Naturally Supporting Joints and Cartilage In The Horse
One of the top questions I get asked as an equine bodyworker is what types of things can caretakers do from a natural standpoint in supporting joints and cartilage in the horse – particularly for the working or geriatric horse. Our horse’s comfort is our top priority. We just want to do all we can to keep them performing at peak efficiency. We are very Blessed in this day and age with all the advances in equine health and nutrition. There are multitudes of alternative therapies and nutritional supplements available to us to help improve the health and well-being of our beloved four-legged friends. But with all the choices available, how do you know which to choose for your situation and, at the same time, not break the bank.
No surprise, my top recommendation to help maintain and improve joint mobility for horses at any activity level is bodywork. Whether you choose acupuncture, chiropractic, massage or just good old fashioned basic stretching, you can’t go wrong. The benefits of equine bodywork are well documented – from helping to improve circulation, range of motion and as an aid to relief sore muscles and joints1. Ask any athlete if they would be willing to give up their sports massage therapist! Don’t take my word for it. Read through this in-depth look at the benefits of equine massage therapy – http://www.kineticx.com/pdf%20files/Evidence%20for%20Equine%20Massage%20Therapy.pdf.
Keep them moving! Horse’s that are cooped up in a stall or small pen for hours on end will invariably tend to become stiff. Horse’s evolved to travel over long distances each day in as they forage for choice grazing and watering holes. Movement is an integral part of a horse’s physical and emotional well-being. It is especially important for geriatric horses to keep those rusty joints active and moving. The old adage “use it or lose it” is quite applicable here.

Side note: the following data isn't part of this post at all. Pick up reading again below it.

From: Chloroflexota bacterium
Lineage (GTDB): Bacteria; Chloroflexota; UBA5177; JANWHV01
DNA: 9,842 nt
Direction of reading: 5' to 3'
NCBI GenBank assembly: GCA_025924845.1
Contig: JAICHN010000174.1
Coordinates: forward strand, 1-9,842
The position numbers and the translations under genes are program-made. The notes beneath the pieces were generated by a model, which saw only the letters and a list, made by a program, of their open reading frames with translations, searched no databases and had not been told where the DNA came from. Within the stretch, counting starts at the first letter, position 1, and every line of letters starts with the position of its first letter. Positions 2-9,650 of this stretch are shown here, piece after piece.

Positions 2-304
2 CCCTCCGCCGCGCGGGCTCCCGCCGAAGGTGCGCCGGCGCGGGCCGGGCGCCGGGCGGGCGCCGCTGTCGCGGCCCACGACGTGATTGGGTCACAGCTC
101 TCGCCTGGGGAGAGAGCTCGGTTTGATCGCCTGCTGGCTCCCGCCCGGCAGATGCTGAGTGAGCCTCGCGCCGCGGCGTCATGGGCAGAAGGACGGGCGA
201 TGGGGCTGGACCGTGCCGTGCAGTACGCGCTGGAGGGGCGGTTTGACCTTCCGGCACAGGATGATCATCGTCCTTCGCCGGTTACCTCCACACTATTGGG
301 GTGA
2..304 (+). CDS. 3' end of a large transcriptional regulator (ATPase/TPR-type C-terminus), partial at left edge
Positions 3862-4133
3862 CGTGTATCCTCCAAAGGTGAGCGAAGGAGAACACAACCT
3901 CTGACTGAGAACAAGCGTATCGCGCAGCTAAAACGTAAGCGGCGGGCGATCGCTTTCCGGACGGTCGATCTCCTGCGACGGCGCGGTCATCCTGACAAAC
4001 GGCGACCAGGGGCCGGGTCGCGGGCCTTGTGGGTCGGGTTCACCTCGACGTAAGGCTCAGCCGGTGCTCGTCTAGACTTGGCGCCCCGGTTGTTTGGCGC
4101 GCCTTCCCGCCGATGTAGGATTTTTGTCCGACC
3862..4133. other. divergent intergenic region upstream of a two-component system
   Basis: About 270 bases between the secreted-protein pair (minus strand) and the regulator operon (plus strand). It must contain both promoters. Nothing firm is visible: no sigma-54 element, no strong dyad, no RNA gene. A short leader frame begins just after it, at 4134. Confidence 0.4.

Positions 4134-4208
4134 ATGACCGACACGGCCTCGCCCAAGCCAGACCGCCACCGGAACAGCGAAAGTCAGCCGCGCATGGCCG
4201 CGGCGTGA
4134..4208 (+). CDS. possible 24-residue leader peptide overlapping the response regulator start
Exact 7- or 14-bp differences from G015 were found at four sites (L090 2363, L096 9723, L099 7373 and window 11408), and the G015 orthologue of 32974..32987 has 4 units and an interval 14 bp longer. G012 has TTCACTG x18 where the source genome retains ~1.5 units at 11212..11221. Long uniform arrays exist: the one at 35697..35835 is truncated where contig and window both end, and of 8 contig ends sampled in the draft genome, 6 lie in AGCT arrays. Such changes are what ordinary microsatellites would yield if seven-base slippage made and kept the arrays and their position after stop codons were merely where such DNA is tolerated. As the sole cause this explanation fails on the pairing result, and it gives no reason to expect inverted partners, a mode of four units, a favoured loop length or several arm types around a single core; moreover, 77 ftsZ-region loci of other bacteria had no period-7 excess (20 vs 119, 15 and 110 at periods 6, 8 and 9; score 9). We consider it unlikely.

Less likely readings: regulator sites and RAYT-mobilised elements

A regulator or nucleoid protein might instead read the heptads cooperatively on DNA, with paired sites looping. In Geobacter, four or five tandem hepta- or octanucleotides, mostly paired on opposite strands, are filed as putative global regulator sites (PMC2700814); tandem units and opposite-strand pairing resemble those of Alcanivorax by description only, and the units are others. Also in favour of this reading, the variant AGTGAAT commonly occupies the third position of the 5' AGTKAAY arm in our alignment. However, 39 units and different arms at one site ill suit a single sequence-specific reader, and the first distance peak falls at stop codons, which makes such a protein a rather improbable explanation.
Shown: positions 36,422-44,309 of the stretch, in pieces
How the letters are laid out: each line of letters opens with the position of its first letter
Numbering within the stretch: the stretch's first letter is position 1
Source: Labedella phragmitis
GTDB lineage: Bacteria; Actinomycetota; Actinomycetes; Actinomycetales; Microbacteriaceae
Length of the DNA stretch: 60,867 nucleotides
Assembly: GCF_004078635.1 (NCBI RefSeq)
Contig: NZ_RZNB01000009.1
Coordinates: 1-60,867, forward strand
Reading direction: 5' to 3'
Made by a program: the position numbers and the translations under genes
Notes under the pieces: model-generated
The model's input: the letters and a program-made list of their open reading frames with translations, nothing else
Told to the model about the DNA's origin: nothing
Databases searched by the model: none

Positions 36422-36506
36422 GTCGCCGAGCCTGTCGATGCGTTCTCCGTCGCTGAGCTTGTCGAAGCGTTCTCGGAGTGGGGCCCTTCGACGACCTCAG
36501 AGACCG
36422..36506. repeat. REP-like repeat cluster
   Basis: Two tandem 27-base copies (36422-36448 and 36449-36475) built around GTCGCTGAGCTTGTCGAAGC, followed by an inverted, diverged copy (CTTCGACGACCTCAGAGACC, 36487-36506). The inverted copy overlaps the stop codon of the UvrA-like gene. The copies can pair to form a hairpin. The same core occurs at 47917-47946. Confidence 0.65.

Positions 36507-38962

Magnets and red light (photonic) therapy are additional forms of alternative physical therapy that may be beneficial in maintaining and supporting healthy joints and soft tissue. Both are thought to help improve circulation and reduce inflammation at application sties and promote the body’s natural healing ability. The use of cold-laser therapy in mainstream veterinary clinics as a means to help improve recovery time after surgical procedures is becoming more widely accepted as well.
With all the advances in equine nutrition we’ve come to understand the importance of ensuring the differing systems of the body have the right building blocks to function properly. There are many different herbs and supplements that are thought to support proper joint function – too many to name here. Below is a list of my top picks for joint support supplementation for horses. I’ve used most all of these at one time or another for my own horses and gotten good results.
- Apple Cider Vinegar – Recommended by my own veterinarian, apple cider vinegar is thought to help reduce inflammation and eliminate uric acid crystal buildup in the joint2 – one of the main enemies of healthy joint function. It can be fed out as a top dress on feed or add it to a 5-gallon bucket of water.
- Devil’s Claw – An African herb traditionally used as a joint supplement. Constituents in Devil’s Claw called iridoid glycosides are thought to be the main active component for this claim. It is available in dried, fresh, extract, powdered and topical forms and can be given easily with feed3.
- Yucca – Yucca has a long-standing use in the Native American culture for joint stiffness and discomfort. It contains a number of constituents thought to be beneficial to the support of healthy joints, such as saponins and polyphenols4. It can be obtained in powdered or extract form and used as a top dress on feed.